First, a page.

Members of Carolina Women's Club's home and garden group gather at a private home for a container gardening workshop.

You’ve Got a Friend in Ballantyne

Social clubs and social media help women connect

By Dawn Liles | Photos by Ray Sepesy

In January 2017, Charlotte newcomer Jamie Messmer posted to the Ballantyne Connection group on Facebook that she “would love to meet up with some ladies sometime for dinner/drinks,” and that it “hasn’t been easy making ‘real’ girlfriends.”

The response to her post was remarkable: 150 likes and 591 comments, mostly from women who were also seeking friendship. They ranged in age from 20 to 70 and were all looking for like-minded women to share a meal, a movie, even a girls’ night out.

Jamie Messmer (right) and Shannon's friendship started online, and now they enjoy traveling together and catching up at The Gibson in Ballantyne Corners.

“I did feel a little self-conscious and vulnerable,” Messmer recalls about the post. “But finding a good girlfriend is hard to come by, especially as you get older, so ultimately I thought the reward would be more than worth the risk.”

She was right. As a result of her message, not only did she meet up with several acquaintances, she met a woman who would become her best friend, Shannon.

“We have traveled with each other and even shared Thanksgiving together when I didn’t go back home,” Messmer says. “Had I not created the post, I would never have met Shannon or brought other women together who have hopefully made lasting friendships as well.”

With 102 people (net) per day moving to Charlotte, according to the U.S. Census Bureau, it’s no surprise that people are looking for friendships.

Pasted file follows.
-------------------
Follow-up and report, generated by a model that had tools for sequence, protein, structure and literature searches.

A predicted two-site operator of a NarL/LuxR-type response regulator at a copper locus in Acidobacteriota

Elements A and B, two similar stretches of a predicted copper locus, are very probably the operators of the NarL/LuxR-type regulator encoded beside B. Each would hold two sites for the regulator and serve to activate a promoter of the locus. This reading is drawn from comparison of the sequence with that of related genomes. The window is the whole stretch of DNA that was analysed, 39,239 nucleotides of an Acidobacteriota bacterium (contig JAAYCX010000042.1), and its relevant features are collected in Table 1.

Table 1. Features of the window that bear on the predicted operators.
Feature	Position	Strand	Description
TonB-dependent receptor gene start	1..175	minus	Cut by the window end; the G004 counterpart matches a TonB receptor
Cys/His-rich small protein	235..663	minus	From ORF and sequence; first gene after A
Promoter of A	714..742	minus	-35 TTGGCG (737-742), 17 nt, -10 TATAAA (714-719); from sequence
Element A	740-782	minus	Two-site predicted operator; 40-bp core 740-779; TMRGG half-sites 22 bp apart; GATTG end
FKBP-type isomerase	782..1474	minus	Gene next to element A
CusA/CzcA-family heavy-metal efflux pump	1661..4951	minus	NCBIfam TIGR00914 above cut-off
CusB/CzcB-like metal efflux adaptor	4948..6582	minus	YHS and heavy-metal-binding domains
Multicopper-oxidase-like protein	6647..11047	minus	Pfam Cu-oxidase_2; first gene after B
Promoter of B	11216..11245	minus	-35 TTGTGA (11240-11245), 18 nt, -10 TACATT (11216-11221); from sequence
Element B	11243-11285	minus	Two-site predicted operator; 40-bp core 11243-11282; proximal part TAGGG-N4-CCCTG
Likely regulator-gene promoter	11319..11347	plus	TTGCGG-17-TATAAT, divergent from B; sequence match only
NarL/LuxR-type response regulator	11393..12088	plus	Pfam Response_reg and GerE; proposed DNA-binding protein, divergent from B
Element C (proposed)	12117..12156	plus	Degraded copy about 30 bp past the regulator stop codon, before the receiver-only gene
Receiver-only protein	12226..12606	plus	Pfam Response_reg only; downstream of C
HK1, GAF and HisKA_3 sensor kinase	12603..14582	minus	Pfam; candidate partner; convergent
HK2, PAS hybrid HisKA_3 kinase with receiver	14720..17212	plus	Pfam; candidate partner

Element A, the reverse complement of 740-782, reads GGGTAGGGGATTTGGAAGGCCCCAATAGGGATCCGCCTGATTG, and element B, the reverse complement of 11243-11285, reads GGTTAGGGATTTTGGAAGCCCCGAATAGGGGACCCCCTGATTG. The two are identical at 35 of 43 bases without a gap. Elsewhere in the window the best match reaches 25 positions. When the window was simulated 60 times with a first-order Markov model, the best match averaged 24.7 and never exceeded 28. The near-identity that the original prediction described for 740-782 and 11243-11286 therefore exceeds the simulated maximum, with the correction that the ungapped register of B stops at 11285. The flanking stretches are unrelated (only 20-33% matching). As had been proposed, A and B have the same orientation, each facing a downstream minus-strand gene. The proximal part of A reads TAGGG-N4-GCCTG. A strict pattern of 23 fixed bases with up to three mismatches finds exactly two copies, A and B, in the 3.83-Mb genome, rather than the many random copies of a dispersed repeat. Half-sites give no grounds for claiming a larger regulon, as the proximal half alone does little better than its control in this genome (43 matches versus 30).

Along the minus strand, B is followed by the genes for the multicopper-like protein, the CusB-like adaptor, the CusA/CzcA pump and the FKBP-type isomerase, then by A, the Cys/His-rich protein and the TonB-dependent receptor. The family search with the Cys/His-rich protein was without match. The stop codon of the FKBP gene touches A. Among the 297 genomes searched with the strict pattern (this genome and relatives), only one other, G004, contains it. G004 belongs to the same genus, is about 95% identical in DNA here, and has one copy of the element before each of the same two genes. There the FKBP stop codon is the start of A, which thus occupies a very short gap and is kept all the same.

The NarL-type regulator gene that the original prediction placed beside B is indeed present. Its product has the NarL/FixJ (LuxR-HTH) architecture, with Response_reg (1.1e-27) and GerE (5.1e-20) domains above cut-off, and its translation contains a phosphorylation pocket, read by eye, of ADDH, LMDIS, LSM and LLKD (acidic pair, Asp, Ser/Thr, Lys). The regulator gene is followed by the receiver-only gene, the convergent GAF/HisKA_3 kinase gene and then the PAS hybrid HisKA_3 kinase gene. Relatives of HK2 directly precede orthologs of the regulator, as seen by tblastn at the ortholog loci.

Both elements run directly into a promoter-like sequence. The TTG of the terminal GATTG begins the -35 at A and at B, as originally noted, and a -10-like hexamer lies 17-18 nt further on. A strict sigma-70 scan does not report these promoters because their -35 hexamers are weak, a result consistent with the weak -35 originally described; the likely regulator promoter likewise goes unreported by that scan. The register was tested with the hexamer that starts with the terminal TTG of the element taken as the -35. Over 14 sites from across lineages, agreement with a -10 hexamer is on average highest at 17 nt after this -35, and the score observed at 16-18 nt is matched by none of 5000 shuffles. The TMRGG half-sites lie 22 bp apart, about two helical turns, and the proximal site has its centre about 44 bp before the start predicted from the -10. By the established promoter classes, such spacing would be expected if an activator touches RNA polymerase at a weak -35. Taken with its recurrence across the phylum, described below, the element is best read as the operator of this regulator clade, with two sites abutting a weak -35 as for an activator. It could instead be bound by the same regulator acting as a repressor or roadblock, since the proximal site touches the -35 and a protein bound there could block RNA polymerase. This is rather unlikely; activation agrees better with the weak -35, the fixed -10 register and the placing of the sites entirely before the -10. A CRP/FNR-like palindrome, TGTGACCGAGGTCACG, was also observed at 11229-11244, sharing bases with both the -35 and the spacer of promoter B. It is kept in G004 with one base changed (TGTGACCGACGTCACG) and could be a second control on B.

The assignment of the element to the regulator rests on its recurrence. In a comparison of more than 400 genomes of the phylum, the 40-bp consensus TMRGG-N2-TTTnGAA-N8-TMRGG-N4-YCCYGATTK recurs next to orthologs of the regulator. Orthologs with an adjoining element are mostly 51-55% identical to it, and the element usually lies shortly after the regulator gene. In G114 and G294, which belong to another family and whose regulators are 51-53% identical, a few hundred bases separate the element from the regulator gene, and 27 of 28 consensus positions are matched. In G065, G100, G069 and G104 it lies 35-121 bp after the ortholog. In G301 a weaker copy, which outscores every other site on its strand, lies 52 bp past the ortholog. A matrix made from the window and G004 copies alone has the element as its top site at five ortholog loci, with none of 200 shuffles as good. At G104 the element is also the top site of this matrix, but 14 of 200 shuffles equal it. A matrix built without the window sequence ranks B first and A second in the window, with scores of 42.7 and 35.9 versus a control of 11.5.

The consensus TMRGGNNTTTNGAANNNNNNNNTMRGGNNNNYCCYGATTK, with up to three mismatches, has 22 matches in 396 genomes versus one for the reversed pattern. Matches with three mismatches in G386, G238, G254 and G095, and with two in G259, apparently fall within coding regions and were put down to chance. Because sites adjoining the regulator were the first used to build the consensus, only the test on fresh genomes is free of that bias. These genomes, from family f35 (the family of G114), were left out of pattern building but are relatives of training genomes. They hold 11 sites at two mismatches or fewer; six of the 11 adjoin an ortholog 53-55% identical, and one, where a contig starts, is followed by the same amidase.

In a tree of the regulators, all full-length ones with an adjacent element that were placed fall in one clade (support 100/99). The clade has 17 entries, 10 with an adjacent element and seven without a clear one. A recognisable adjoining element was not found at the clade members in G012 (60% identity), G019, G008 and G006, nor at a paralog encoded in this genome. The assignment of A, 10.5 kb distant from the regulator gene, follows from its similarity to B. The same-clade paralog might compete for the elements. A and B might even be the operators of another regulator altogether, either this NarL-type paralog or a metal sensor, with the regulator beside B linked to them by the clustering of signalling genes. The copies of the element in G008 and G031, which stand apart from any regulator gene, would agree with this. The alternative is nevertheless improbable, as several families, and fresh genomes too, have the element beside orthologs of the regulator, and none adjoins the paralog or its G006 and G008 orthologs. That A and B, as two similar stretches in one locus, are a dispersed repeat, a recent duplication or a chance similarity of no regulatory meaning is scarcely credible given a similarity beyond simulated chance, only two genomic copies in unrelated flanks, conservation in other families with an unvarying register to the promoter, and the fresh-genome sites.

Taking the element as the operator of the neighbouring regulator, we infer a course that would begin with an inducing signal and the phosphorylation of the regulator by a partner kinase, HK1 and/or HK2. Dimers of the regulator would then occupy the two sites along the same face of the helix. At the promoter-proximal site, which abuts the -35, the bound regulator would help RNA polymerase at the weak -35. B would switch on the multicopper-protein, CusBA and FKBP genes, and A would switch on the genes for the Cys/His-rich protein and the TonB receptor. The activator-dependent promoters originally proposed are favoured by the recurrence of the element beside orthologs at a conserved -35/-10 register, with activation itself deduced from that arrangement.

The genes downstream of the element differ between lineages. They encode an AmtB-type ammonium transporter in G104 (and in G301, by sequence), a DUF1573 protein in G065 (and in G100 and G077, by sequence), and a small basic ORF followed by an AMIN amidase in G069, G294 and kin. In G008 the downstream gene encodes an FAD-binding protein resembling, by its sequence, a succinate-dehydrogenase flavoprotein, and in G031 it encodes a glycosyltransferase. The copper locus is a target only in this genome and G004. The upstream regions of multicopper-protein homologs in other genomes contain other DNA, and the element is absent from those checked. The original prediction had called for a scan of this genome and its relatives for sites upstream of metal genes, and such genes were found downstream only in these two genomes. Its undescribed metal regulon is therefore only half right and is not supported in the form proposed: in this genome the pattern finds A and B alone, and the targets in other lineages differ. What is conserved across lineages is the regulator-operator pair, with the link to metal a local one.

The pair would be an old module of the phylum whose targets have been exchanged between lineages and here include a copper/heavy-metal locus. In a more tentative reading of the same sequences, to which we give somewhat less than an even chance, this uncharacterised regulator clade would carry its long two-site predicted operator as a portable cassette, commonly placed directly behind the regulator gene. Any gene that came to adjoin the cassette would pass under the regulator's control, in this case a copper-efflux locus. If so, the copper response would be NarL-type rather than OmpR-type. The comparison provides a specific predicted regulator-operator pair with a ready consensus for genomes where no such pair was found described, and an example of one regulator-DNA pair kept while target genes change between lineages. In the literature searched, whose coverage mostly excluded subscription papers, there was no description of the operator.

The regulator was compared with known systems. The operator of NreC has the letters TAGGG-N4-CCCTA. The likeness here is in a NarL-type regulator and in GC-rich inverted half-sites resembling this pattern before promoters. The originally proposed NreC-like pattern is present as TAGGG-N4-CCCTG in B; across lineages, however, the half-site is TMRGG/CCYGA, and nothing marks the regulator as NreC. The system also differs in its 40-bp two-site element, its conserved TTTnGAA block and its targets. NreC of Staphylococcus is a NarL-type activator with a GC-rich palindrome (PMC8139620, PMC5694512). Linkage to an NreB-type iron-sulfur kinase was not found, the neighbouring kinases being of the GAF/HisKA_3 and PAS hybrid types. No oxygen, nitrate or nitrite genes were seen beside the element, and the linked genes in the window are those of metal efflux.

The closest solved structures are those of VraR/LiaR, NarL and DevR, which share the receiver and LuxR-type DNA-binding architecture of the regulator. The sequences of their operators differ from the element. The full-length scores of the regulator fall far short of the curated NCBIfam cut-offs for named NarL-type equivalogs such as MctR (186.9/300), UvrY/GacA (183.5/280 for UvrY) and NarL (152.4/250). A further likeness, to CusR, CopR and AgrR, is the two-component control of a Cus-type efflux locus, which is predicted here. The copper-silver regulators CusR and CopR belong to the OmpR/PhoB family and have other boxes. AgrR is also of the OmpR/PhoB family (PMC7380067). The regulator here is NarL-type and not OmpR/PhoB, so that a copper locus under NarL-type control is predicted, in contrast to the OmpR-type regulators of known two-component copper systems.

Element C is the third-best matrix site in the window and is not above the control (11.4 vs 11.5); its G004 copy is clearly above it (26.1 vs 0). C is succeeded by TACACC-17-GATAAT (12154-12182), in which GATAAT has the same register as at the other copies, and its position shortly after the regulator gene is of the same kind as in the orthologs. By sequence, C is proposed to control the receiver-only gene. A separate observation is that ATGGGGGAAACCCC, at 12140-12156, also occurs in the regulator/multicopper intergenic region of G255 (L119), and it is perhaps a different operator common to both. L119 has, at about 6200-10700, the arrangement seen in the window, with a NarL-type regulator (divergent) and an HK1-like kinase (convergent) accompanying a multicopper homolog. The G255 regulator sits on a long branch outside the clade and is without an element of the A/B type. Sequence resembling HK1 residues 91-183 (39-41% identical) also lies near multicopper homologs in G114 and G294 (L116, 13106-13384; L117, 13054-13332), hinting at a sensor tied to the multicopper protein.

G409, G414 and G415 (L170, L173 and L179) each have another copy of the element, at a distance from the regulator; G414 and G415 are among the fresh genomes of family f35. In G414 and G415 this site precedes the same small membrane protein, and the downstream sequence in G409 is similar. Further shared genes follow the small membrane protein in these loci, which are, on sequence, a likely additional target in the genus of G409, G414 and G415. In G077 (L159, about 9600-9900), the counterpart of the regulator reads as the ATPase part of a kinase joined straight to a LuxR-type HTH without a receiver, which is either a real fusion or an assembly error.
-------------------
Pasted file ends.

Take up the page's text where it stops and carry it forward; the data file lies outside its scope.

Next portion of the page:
And it’s not just newcomers looking to connect. Life transitions — such as starting a family, becoming an empty nester, getting a divorce, changing jobs or retiring — can also lead to feelings of loneliness and disconnection.

Apart from finding friends through social media, such as Facebook’s Ballantyne Connection group, another option has drawn hundreds of women who are seeking camaraderie — the local social club. Specifically in the Ballantyne area, there’s New Friends of Carolina and Carolina Women’s Club.

New Friends of Carolina's gardening club participate in a flower arranging workshop at Sweet T Flowers in downtown Waxhaw.

New Friends of Carolina

New Friends was established in 1989 to offer a broad range of activities and functions for members and their spouses. The group currently has about 300 members. In addition to a monthly members’ lunch at a local country club, members can take part in smaller groups, depending on their interests: book clubs, movie and dinner clubs, lunch groups, bunco, bridge, theater/play groups, gardening and couples’ dinners.

Monthly membership meetings provide opportunities for guest speakers (a recent speaker came from the TV show “Antiques Roadshow”), and every year the group picks a local charity and raises funds.

Members cite a variety of reasons for joining. President Kathy Consler was new to Charlotte and knew no one in the club when a woman working at HomeGoods mentioned New Friends to her. “Few of us are native Charlotteans, and everyone needs someone you can talk to,” Consler says. “We call ourselves the sisterhood.”

Membership Vice President Karen Bearss, a 13-year club member, concurs. “This club saved my life. I knew no one when we moved to Charlotte. I had immediate friends and a calendar full of activities to choose from.”